The broad use of common and open test standards, tools and test methods permits OCS rapid and efficient adoption of other protocols into the certification program.

Accreditation

OCS testing is conducted by OCS‐Accredited Test Labs following ISO standards for lab auditing and accredidation. An independent lab has to implement ISO 17025 quality system and use qualified test equipment to ensure accuracy and consistency of test results. In addition, it has to prove it can accommodate the protocol and test/verify user requirements of the technology. After testing is complete, the lab reports results to the OCS Board, a group of experts in the highway operating and testing communities. The Board grants (or denies) the applicant the certification awards for the submitted device.

Standards‐Based Foundation

The OCS testing approach is straightforward – a protocol is based upon a standard and evaluated against its requirements as defined by a user group / client. The first protocol for which OCS testing services were requested is based on the ISO 18000‐6 Type C standards (also known as “ISO‐6C” or just “6C”). This standard was developed by EPCglobal and adopted by ISO. It covers UHF radio spectrum available globally. The 6C standard was designed with security and performance from the start and has been implemented in many industries, constantly evolving while preserving backward compatability.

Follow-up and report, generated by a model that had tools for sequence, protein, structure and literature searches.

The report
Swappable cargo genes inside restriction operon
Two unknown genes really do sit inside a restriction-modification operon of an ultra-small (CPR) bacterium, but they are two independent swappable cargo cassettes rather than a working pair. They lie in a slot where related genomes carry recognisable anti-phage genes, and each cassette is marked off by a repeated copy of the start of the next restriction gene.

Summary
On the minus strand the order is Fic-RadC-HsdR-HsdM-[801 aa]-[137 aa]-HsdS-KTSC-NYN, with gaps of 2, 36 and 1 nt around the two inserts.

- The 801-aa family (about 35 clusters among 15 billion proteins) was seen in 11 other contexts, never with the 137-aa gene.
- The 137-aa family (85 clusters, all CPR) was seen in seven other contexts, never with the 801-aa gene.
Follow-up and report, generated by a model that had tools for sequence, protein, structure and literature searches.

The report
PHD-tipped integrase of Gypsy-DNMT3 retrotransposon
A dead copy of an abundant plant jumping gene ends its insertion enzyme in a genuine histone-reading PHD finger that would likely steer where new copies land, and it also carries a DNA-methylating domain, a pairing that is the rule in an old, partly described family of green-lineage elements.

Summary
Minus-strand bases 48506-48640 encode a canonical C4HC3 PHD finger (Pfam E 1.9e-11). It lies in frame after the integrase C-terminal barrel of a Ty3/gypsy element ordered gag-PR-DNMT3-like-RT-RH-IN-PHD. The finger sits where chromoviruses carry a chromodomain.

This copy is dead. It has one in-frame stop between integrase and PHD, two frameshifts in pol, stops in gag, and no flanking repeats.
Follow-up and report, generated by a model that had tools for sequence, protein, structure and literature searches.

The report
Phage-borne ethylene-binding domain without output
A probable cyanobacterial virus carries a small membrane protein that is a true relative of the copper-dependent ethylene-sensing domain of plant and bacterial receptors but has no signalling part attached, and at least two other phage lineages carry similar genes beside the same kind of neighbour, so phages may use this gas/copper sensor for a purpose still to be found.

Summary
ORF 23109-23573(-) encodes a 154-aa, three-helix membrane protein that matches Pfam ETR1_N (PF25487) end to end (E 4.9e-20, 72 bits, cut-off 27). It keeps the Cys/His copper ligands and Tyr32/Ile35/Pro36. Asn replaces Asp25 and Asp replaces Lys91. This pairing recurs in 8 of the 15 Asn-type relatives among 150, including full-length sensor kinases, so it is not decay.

Device Eligibility

Any organization – be they a manufacturer or user group with technology (a transponder, reader/interrogator, etc) that implements to a standard may apply to OCS to be tested and certified.

Testing Approach

The OCS Certification approach follows an established and proven path to interoperability. It consists of 4 stages of testing: Conformance, Baseline Interoperability, Environmental Testing and Performance Testing. The first three are conducted in a laboratory environment.